A large Indian Khanda broadsword, circa 18th Century, probably North or Central Indian. Of all steel construction, the quality can be see in the attention to detail. The basket hilt has some nice intricate design, as do the blade straps that reach down the blade from the hilt. Of completely solid construction, and retaining a very sharp double edged blade. The blade is very flexible and has light scratching to the surface of the blade. Nice broad spatula tipped blade as is typical on the…
Sword Unknown Artist / Maker Dated: 2nd half of 14th century Place of Origin: France or England Medium: Iron or steel, copper and cord Measurements: Length: 95.4 cm; width: 6 cm, at guard; weight: 1.36 kg; length (blade): 67.8 cm; balance point: 6.5 cm, forward of the guard block Maker’s mark: inlaid in copper, 16.5cm from hilt
Indian dagger, Mughal empire, circa 1675-1700 (sheath fittings, circa 1800), white nephrite jade hilt and sheath fittings inlaid with foiled rubies, emeralds, and diamonds set in gold; steel blade; velvet covered wooden sheath overall: 16 7/8 x 3 x 1 in. (42.8625 x 7.62 x 2.54 cm) Sheath: 11 1/4 in. Dagger: 14 5/8 x 3 x 1 in. The Los Angeles County Museum of Art (LACMA).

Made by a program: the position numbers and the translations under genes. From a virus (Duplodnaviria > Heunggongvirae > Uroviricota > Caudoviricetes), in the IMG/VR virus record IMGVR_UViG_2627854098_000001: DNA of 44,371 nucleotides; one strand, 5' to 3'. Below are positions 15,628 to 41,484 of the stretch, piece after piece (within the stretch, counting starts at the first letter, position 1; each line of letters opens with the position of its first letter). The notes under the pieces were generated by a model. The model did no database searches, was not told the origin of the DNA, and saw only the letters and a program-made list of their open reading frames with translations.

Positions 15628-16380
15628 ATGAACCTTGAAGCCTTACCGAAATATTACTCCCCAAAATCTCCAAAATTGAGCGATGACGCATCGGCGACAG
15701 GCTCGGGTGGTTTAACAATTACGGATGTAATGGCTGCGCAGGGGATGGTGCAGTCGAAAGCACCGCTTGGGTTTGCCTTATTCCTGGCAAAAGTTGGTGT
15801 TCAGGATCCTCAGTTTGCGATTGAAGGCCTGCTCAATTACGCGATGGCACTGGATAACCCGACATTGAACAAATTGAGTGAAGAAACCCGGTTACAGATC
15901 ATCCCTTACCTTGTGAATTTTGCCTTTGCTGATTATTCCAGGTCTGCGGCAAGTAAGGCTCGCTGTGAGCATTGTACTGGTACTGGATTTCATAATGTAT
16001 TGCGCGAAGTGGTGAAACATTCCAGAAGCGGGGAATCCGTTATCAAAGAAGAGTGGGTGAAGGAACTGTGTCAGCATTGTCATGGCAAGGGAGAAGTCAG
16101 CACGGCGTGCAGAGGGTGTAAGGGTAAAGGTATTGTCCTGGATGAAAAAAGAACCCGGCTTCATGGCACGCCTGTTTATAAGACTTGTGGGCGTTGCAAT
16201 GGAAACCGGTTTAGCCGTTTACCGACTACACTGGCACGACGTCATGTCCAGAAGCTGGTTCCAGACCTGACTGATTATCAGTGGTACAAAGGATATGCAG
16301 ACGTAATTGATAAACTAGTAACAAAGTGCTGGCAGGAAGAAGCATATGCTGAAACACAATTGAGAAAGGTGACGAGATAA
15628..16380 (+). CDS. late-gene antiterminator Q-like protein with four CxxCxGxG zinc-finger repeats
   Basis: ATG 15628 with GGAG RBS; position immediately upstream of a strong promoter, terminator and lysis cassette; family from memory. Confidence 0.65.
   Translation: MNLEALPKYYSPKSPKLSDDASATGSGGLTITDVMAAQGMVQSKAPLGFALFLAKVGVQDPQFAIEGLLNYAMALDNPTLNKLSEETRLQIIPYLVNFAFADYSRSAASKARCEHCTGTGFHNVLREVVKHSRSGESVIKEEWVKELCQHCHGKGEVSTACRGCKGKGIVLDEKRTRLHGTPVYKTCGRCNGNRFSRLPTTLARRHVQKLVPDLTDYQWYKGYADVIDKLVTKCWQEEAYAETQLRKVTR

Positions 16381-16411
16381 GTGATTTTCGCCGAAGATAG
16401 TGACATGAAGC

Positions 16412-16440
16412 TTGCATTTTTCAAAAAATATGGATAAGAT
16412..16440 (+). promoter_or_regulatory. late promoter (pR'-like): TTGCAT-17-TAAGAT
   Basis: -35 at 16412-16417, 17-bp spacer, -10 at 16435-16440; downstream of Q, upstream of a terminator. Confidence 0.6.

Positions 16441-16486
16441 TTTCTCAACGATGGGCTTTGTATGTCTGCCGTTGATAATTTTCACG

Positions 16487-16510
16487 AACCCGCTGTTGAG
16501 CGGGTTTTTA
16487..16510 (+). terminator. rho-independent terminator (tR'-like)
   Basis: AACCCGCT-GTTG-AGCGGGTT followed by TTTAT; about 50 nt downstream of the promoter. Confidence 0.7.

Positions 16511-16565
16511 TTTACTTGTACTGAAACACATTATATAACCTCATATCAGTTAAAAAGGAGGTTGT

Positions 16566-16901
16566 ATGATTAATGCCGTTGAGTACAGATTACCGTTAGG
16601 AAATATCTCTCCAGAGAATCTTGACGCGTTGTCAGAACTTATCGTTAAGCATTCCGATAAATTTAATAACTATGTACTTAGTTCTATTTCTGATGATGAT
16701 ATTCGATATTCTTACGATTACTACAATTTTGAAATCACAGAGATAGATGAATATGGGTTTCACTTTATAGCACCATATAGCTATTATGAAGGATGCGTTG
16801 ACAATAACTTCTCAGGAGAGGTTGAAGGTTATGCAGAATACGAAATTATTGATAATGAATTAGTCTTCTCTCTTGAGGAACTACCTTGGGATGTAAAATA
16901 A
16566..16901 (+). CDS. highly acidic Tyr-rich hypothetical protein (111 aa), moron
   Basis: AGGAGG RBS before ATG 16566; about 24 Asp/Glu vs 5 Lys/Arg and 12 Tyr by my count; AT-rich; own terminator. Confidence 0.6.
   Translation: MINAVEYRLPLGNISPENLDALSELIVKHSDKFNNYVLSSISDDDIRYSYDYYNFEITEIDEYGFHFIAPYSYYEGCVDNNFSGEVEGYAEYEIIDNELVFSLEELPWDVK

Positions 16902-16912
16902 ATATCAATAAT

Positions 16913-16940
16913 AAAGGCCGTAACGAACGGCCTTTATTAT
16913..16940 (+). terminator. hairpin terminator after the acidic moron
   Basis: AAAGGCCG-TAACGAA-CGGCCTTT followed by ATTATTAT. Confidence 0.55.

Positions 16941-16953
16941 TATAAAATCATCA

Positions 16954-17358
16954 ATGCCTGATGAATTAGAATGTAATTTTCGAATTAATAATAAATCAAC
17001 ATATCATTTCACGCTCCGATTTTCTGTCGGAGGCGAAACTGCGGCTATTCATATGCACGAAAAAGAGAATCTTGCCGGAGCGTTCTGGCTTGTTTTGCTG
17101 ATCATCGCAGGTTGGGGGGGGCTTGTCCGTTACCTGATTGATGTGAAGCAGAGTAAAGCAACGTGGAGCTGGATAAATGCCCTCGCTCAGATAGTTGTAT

Rapier of Prince-Elector Christian II of Saxony Israel Schuech (German, Dresden, active 1590–1610) Bladesmith: Juan Martinez (Spanish, Toledo, active ca. 1600) Date: dated 1606 Culture: German, Dresden Medium: Steel; gilt bronze, with traces of enamel; paste jewels; cameos; pearls Dimensions: L. overall 48 in. (121.92 cm) L. of blade 41 1/4 in. (104.78 cm) Wt. 3 lb. 4 oz. (1474 gm) Classification: Swords Credit Line: Fletcher Fund, 1970
The firangi that sold at Sothebys had a fine scabbard included, signed by RAM DAKHS SANWAT, ALWAR, RAJASTHAN, INDIA. The sword they sold also had a straight, cut-and-thrust imported Portuguese blade with shallow grooves, discoidal pommel and curved top-spike. The sothebys sword was reputedly from the collection of the Nizam of Hyderabad, most probably received as a gift from the Hindu court of Alwar in Rajasthan, circa 1856.